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SIMPSON v. RENO

October 13, 1995

Peter Jon Simpson, et al., Plaintiffs,
v.
Janet Reno, Attorney General of the United States, et al., Defendants.



The opinion of the court was delivered by: SPORKIN

 This matter comes before this Court on pro se Plaintiffs' request for a Writ of Mandamus against Janet Reno, the Attorney General of the United States of America, Stephen Hill Jr. United States Attorney for the Western District of Missouri, and Edward L. Dowd, United States Attorney for the Eastern District of Missouri. Plaintiffs filed a Petition for Writ of Mandamus with this court on March 10, 1995. The Government moved for and was granted two extensions of time within which to respond to the Plaintiffs' Complaint. The Government missed the deadline for its response to the Plaintiffs' Complaint.

 Thereafter, this Court issued an Order to Show Cause why Defendants should not be found in default for failing to respond to the complaint in a timely manner, why sanctions should not be imposed against Defendants, and why the relief requested in the complaint should not be granted. In response to that Order to Show Cause, Defendants have filed a Motion to Dismiss and Plaintiffs have filed a Motion for Sanctions for failure to file an answer to the complaint in a timely manner.

 FACTS

 Pursuant to 18 U.S.C. § 3332(a), Plaintiffs assert that they have the right to have a special grand jury impaneled so that they may appear before it and present evidence of alleged criminal conduct. Plaintiffs have asked this Court for a declaratory judgment adopting Plaintiffs' interpretation of § 3332(a) and a mandatory injunction compelling the United States Department of Justice to comply with Plaintiffs' interpretation of the statute. The Plaintiffs seek to present evidence of alleged criminal acts committed by members of the federal and state judiciary in issuing adverse rulings against both Plaintiffs in separate and unrelated proceedings.

 Allegations in the Complaint derive from two separate events. Plaintiff Simpson claims that in November of 1991, his daughter was removed from his custody by officials from the State of Missouri. He asserts that the state court judge's actions in the case violated 18 U.S.C. § 242, which makes it a crime for anyone acting under the color of law to deprive a person of any rights guaranteed by the Constitution or laws of the United States.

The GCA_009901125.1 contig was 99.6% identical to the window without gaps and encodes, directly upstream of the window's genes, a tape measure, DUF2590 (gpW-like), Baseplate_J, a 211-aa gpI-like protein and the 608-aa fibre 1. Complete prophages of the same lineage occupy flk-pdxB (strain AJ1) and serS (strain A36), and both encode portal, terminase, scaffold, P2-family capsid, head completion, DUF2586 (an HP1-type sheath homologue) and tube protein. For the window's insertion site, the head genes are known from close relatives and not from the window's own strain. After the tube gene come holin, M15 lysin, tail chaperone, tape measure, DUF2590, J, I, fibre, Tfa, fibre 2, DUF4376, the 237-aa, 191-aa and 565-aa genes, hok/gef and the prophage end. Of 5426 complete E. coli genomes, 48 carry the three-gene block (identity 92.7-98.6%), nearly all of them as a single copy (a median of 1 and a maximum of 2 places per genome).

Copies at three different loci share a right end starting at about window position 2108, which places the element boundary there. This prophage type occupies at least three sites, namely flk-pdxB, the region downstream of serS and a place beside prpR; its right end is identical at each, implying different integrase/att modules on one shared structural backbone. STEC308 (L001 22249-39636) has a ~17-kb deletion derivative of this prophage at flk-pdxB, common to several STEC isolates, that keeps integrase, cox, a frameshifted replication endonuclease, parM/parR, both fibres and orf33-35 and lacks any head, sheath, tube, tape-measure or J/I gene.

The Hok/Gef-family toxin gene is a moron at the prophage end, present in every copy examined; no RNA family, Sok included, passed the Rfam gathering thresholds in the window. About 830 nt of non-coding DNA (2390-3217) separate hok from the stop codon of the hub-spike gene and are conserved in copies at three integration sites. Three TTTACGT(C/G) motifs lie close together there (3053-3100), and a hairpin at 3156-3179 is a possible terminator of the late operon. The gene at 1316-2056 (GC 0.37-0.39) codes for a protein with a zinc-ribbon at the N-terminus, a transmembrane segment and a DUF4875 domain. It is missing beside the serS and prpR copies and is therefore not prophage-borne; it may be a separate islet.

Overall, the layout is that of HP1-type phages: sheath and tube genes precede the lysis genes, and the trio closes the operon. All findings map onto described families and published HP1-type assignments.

Plaintiff Brown was the Plaintiff in a civil action that he brought in the United States District Court for the Western District of Missouri against Popular Mechanics magazine, the General Motors Corporation and several others. His claims were dismissed for failure to state a claim upon which relief could be granted. This dismissal was later upheld by the Court of Appeals for the Eight Circuit. Brown v. Popular Mechanics, 37 F.3d 1503 (8th Cir. 1994) After failing in that action, Plaintiff Brown now asserts that the judges of the Court of Appeals for the Eight Circuit have violated 18 U.S.C. § 1503 which makes it a crime to attempt, "corruptly, or by threats or force," to influence, intimidate, or impede any juror or court officer, or otherwise to obstruct the due administration of justice.

 ANALYSIS

 I. PLAINTIFFS HAVE FAILED TO STATE A CLAIM UPON WHICH RELIEF CAN BE GRANTED.

 A writ of mandamus is "an extraordinary remedy, to be reserved for extraordinary situations." Gulfstream Aerospace Corp. v. Mayacamas Corp., 485 U.S. 271, 289, 99 L. Ed. 2d 296, 108 S. Ct. 1133 (1988); In re Halkin, 194 U.S. App. D.C. 257, 598 F.2d 176, 198 (D.C. Cir. 1979). Plaintiffs must demonstrate that they lack adequate alternative means to obtain the requested relief, that the defendant's have a peremptory duty to act, and that their right to the issuance of the writ is clear and undisputable. Council of and for the Blind of Delaware Valley, Inc. v. Regan, 228 U.S. App. D.C. 295, 709 F.2d 1521, 1533 (D.C. Cir. 1993). Even were these requirements satisfied, the issuance of the writ is within the sound discretion of the court. Kerr v. United States District Court for the Northern District of California, 426 U.S. 394, 403, 48 L. Ed. 2d 725, 96 S. Ct. 2119 (1976).

 Plaintiffs are correct when they claim that 18 U.S.C. § 3332 (a) requires a United States Attorney to present information concerning criminal activity to a special grand jury upon the request of an individual. In Re Grand Jury Application, 617 F. Supp. 199, 203-06 (S.D.N.Y. 1985). As of August 24, 1995, there were no special grand juries impaneled in the Western District of Missouri, sitting in Springfield. See Declaration of Michael A. Jones, Deputy United States Attorney, attached as Exhibit 4 to Defendants' Motion to Dismiss. On August 25, 1995, there was no special grand jury convened anywhere in the Eastern District of Missouri. See Letter from United States Attorney Edward L. Dowd, Jr., attached as Exhibit 5 to Defendants' Motion to Dismiss.

 In essence, Plaintiffs ask this Court to order the Defendants of the Eastern and Western Districts of Missouri to impanel a grand jury. 18 U.S.C. § 3331 provides that special grand juries are to be impaneled by the court at least once every 18 months in districts inhabited by more than 4 million people. In other areas, special grand juries will be created at the discretion of the Attorney General. 18 U.S.C. § 3331. Plaintiffs can neither establish a duty of the Defendants to present information to a jury which does not exist ...


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